The following April 1, 1943, Lowell Tribune article was found on page 1, column 1:
48 FROM LOCAL BOARD LEAVE FOR ARMY-NAVY DUTY
FORTY-ONE SELECTEES AND SEVEN VOLUNTEERS BEGIN ACTIVE DUTY
Forty-eight men, which included seven volunteers, left last week for active duty in the army and navy following their seven-day furlough after being inducted into the service at Fort Benjamin Harrison.
The local board has begun examination and reclassification of men without dependents who were married before the United States entered the war, according to Peter F. Hein, chairman of the board. Those who are not in "essential" work and without dependents are being examined first while those without dependents in "essential" work will be examined next.
Men with children and who are not in "essential" work will be examined when all available men in the first two groups are taken.
James W. Hayden of Lowell was listed with the army inductees.
This May 6, 1943, Lowell Tribune article was found on page 2, column 1:
Pvt. James Hayden, stationed at Ft. Leonard Wood, Mo., where he is receiving his basic training, talked with his parents, the Delbert Haydens, a few days ago. Jim is doing fine and said that John Lucas, another Lowell boy, was in the same division.
This January 13, 1944, Lowell Tribune article was found on page 2, column 2:
Pvt. James W. Hayden left for Camp Carson, Colo., Thursday, after spending a ten-day furlough here with his parents, the Delbert Haydens.
The following March 23, 1944, Lowell Tribune article was found on page 2, column 2:
Pvt. James Hayden, stationed at Camp Roberts, Calif., called parents, the Del Haydens, by phone Monday night while in Hollywood on a pass. Jim said his outfit was on maneuvers now and were really working. He is getting along fine.
The following July 13, 1944, Lowell Tribune article was found on page 2, column 1:
Home on Furlough
Pfc. James Hayden is here for a 15-day visit with his parents, the Del Haydens. Jim is stationed at Fort Benning, Ga.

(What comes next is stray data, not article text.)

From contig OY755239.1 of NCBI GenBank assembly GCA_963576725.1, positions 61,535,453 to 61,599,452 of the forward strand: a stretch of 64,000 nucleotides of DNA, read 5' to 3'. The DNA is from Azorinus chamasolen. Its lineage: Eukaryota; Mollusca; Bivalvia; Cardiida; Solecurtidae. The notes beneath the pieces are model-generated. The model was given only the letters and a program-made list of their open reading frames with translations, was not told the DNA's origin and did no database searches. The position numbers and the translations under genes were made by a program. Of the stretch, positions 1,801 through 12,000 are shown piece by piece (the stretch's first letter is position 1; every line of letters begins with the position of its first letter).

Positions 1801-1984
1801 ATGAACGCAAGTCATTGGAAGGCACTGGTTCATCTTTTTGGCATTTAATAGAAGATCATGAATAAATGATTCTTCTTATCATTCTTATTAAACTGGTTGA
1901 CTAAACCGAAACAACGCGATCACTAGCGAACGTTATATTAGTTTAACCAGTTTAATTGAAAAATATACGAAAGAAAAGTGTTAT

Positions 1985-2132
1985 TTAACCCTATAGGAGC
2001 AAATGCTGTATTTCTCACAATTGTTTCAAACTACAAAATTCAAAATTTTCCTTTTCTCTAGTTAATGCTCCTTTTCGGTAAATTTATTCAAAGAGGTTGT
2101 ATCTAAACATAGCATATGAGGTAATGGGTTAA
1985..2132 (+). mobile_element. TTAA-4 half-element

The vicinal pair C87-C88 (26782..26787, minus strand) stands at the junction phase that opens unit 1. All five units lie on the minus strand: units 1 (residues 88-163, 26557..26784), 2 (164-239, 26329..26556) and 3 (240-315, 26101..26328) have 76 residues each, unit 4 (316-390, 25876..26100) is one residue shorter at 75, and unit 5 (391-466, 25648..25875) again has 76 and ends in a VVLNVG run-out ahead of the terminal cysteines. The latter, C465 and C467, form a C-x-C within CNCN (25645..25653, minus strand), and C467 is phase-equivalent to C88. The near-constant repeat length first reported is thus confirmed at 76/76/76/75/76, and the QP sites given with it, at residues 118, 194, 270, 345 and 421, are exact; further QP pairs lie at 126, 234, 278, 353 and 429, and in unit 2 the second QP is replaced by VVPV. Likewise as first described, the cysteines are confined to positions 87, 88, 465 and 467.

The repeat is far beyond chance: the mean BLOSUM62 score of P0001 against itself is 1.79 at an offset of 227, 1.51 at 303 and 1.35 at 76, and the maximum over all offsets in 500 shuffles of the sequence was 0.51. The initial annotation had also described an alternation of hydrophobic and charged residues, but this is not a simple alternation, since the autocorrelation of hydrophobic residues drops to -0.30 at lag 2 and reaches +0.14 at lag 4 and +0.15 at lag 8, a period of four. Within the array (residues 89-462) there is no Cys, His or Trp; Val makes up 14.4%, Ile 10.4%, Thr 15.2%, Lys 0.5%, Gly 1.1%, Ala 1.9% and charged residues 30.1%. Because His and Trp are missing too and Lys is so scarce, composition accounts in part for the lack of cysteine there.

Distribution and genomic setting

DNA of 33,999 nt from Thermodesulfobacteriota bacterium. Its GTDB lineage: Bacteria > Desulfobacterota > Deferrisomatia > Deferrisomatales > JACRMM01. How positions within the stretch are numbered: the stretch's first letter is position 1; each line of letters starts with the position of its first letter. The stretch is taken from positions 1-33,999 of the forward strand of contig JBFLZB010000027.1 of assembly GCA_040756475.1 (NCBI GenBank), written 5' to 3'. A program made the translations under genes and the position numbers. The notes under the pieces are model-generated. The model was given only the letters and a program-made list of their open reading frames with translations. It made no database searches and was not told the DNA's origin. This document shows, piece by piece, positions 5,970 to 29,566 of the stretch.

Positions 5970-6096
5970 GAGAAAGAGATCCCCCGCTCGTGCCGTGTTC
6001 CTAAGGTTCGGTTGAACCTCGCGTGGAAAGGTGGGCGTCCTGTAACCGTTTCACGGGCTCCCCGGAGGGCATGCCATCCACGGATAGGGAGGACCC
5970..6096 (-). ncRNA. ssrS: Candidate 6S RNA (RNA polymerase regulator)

The following October 5, 1944, Lowell Tribune article was found on page 2 column 3:
Patient In Hospital
A letter received by the Del Haydens, informs them that their son, Pfc. James Hayden, was hospitalized at Fort Benning, Ga., following a minor operation caused by infection on his face. Jim was feeling better when he wrote his parents.
This January 25, 1945 Lowell Tribune article was found on page 2, column 1:
Pfc. James Hayden, writing to his parents, the Del Haydens, says he is now on the east coast, and is expecting to see overseas service before long.
This March 1, 1945, Lowell Tribune article was found on page 2, column 1:
Pfc. James Hayden, son of the Del Haydens, Lowell, writes that he has arrived at his destination in France. Jim, a combat M.P. with the light infantry, says the French people aren't so bad, but has a hard time understanding them. The part of France where he is now stationed reminded Jim of Indiana but he said that was as far as the likeness went and wished he was back in the real Indiana. He was feeling well when he wrote and added that he didn't even get seasick on the trip across.
This September 20, 1945, Lowell Tribune article was found on page 3, column 2:
The following article, taken from a recent issue of Stars and Stripes, gives an account of the 71st Division MP Platoon softball team, which recently won its 33rd game at Augsburg, Germany. Cpl. Jim Hayden, athletic director of the MP platoon, is the son of Mr. and Mrs. Delbert Hayden of Lowell.
Ait-tight pitching by Pfc. Russ Laura, has carried the 71st Division M.P. Platoon to two recent shut-out wins, their 32nd and 33rd of the current softball season. Allowing only three hits in a tilt with the 3rd MG Regt., while his mates tallied 6 runs in the first frame, Laura blanked the MG's 6-0. The speedy Detroiter was equally untouchable against the 436th QM Gas Co., granting but five bingles as the MP's had a Donnybrook at the plate. Lumbering Ed Scroggins broke the spirit of the Gashouse boys when he bunted safely in the second inning and Cpl. Jim Hayden's gang bunched their blows to give Laura a ten-run edge. The final score was 10-0.
This Lowell Tribune article was found in the February 14, 1946, issue (page 2, column 1):
Everyone was excited at the home of the Delbert Haydens last Wednesday when a phone operator called and told them a call was coming through from their son, Sgt. James Hayden, stationed in Munich, Germany. At about the appointed time the call came through and they enjoyed a talk with Jim, who said he was fine and dandy, and was expecting to leave for the good, old U.S.A. in about two weeks.